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The Ninth Report Fees, Gratuities, Perquisites Ireland


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The Ninth Report Fees, Gratuities, Perquisites Ireland

Date of Article: 31/01/1810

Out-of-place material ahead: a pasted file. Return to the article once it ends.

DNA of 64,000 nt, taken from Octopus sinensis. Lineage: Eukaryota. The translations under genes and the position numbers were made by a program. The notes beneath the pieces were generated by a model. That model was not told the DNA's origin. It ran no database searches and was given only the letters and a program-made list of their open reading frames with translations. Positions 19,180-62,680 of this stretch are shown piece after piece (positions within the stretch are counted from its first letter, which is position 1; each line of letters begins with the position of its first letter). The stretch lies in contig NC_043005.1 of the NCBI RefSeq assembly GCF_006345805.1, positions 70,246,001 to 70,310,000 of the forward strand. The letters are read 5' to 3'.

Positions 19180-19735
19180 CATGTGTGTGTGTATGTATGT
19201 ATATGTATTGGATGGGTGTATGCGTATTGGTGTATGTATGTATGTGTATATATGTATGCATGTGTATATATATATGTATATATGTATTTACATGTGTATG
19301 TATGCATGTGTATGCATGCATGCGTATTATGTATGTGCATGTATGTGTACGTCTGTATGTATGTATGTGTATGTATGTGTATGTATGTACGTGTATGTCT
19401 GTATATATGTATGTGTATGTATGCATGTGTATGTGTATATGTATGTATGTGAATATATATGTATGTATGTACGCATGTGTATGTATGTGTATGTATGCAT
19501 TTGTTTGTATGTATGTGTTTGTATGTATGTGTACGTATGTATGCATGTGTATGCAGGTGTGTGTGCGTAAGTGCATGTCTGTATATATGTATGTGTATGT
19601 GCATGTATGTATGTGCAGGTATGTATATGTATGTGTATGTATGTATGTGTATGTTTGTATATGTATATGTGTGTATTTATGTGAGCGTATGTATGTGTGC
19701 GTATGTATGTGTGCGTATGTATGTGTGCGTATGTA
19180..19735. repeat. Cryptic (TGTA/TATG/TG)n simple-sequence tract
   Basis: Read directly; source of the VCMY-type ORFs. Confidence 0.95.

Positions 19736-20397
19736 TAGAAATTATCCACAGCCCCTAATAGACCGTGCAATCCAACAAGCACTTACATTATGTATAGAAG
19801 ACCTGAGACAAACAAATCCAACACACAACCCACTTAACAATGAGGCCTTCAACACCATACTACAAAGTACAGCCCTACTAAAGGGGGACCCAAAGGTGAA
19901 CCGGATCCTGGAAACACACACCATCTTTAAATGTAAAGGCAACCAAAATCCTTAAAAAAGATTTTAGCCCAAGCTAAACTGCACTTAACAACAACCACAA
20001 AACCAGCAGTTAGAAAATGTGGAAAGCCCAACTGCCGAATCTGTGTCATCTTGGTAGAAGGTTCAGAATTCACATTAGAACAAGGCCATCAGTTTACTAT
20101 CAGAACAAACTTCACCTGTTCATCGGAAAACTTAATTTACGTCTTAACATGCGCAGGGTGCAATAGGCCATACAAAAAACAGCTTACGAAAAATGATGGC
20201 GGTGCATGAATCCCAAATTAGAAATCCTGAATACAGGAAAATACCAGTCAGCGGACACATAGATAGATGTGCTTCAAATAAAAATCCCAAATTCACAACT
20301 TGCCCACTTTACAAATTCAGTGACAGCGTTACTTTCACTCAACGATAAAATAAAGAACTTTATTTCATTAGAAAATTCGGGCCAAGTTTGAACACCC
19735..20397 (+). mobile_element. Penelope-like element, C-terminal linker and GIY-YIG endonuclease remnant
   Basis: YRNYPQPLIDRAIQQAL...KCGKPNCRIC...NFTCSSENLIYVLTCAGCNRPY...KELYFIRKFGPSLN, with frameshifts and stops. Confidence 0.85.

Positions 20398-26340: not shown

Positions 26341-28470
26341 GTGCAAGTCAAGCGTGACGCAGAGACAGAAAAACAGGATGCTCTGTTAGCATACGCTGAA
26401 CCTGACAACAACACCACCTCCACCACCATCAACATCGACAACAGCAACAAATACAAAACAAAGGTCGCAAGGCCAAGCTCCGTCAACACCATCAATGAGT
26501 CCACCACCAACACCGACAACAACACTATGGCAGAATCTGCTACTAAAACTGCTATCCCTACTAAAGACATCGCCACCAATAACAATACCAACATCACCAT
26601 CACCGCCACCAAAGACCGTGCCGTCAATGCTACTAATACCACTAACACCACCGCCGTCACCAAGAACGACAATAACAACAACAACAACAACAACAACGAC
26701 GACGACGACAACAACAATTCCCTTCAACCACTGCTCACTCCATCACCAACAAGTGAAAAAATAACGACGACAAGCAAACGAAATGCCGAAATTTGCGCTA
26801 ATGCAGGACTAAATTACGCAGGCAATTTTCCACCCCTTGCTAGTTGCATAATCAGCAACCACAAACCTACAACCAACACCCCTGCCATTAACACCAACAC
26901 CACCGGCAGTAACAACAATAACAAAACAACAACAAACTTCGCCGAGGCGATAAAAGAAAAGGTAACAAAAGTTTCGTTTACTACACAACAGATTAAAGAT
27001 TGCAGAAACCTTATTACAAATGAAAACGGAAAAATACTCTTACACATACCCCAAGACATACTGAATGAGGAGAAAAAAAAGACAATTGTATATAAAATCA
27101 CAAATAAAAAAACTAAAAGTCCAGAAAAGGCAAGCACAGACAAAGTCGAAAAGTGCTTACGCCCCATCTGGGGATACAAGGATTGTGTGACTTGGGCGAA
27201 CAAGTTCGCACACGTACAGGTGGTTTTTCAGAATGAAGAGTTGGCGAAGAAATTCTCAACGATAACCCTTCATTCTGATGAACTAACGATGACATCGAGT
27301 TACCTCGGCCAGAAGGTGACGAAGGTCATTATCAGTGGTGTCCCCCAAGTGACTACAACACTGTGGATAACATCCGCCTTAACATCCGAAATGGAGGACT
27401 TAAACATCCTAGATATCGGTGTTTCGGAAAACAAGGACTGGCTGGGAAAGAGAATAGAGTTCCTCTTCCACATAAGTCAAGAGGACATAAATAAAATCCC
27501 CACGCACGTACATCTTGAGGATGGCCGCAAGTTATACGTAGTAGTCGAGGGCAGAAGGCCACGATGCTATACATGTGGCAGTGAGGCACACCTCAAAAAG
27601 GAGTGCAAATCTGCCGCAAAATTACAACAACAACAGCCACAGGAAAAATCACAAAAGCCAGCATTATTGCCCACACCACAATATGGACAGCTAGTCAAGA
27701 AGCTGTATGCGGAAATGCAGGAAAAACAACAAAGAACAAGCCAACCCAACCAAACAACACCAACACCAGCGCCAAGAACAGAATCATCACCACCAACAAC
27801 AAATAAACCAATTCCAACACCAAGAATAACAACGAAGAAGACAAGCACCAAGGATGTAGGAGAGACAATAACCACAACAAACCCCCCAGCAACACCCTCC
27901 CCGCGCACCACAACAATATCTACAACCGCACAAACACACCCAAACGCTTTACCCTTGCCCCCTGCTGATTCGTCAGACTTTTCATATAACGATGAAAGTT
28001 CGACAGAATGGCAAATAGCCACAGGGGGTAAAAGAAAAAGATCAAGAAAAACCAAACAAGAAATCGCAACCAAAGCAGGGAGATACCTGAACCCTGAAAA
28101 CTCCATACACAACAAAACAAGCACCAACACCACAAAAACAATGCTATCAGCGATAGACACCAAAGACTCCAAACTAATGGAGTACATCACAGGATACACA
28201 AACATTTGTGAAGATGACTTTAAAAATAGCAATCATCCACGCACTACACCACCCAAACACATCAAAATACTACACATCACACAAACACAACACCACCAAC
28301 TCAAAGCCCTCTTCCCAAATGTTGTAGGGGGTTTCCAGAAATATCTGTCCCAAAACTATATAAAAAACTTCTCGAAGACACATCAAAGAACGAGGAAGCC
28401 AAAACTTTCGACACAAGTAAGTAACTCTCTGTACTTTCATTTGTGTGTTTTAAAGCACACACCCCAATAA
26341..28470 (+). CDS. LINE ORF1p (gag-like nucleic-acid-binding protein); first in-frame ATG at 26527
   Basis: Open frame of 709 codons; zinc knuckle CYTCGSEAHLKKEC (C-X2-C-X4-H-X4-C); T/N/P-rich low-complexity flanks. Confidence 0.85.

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C 29 J • - A P P N D I X. No. i. < r The Examination of Mr. ISAAC DE JONCOURT ; taken upon Oath, • the 27th of February and 15th of June 1809. This Examinant faith, nnHAT lie is Prefident of the Inland Office, and has been fo fince January 1808. Previous to the eftablifliment of the Inland Office, the receipt and difpatch both of the Inland Mails and of the Britifh Mails were conduced in the Sorting Office, which has been formed by the prefent Poftmafters General into two Offices, the one called the Inland Office for the receipt and difpatch of the Inland Mails, the other the Britifh Mail Office, for the receipt and dif- patch of the Biitifti Mails. The four fenior Officers in the Sorting Office were called Clerks of Roads, after the then Poft Office divifions of the Country, named the Leinfter, Munfter, Northern, and Connaught Roads. It was their duty to manage as principals in the Office the receipt and difpatch of the feveral Mails, and as attached to their fituations to which they fucceeded according to their feniority in office, they had the privilege of circulating Newf- papers within certain limits free of Poftage. One of the Clerks of the Roads having been however appointed Secretary, and fubfequently another to be Keeper of the Alphabet, they were permitted to retain their emoluments as Clerks of the Roads, though they ceafecl to do duty as fuch, the junior Clerks next in seniority a& ing for them. The liberty of fending out for delivery in Dublin, Lottery Slips and British Newfpapers by exprefs on the arrival of the Britifh Mails, belonged alfo to the Officers of the Sorting Office, the emoluments arifing therefrom being enjoyed in succession by the two next in feniority to the Clerks of the Roads, according to certain assigned portions. The fituations to which thefe feveral privileges were attached being very lucrative, the prospect of succeeding to them, has induced Officers to continue on the establishment of the Office at low faiaries, though in fome inftances fcarcely able from age and infirmity to do any duty, and who after they have fucceeded to them, have been permitted to receive the emoluments thereof during their lives, as a compenfation for long fervices, without being required to do any duty. The Poft Office divifions of Ireland are fix in number, to each of which is attached a fenior Sorter. Thefe Officers difchargc the duties formerly executed by the Clerks of the Roads, to whofe fituations they expert to fucceed on any vacancy that may occur in the Clerkffiips that remain attached to the Office. The hours of attendance in the Inland Office, are in the morning from fix o'clock until the Mails are delivered to the Alphabet, the Penny Poft, and the Letter Carriers, which ufually takes place by nine o'clock, and in the evening from five o'clock until the difpatch of the outward Mails, which is completed by eight. The delivery in and difpatch of the Inland Mails from Dublin, have been greatly accelerated in confcquence of the improvements lately made in the internal arrangement of the Office. Formerly the Clerks of this Office were divided into two sets, each let doing duty on every fecond night and morning only, without- any provifion having been made for fupplying the place of fuch as fliould be abfenc from iicknefs or other caufes, in confequence whereof the bufinefs of the Office, which was in- creafing with the increafe of com- fpondence, was greitly retarded, and it became requifite to employ the Letter Carriers and Mail Guards to affift therein ; but fuch extra- affiftance is now become unneceflary, all the Officers being required to attend every night and morning, and a number of probationary Officers with fixed faiaries having been added, and befides there are always in attendance perfons called extra- probationers, who in cafe of the ficknefs or fufpenfion of any of the Officers in regular employment, do their duty and are paid out of their faiaries ' 1 he delivery of Letters in Dublin has been further accelerated by employ- ing a number of probationary Letter Carriers, who in cafe of the iilnefs or fufpenfion of any of the regular Letter Carriers do their duty, and are in like manner paid out of their faiaries. Along with every Mail fent to Dublin, the Deputy Poftmafler tranfmits a Letter Bill or Docket, fpecifying the total amount cf the Postage charged 011 the Letters contained therein, diflin- guifhine the paid from the unpaid Letters. The Mails on their arrival are carried into the Inland Office, where they are opened, and the Dockets accompanying them are compared with the charge 011 the Letters, and the actual amount thereof being entered in a column ap- propriated in the Dockets to that purpose, and the caufe of variance, if any, ftated, it is fent to the Letter Bill Office, for the purpofe of c harging the Poftage 011 poft- paid Letters againft the refpedive Deputies by whom it was received. Variances between the aflual amount of the Poftage and that dated in the Docket, feldom occur in the Mails coming to Dublin ^ when they do Examinant enters them in a book, kept by him for the purpofe of noting any irregularity or matter he may conceive proper to report to the Secretary. While the Officers are comparing the Dockets with the charges on them, the Letters are forted into three claffes, ( 540 H
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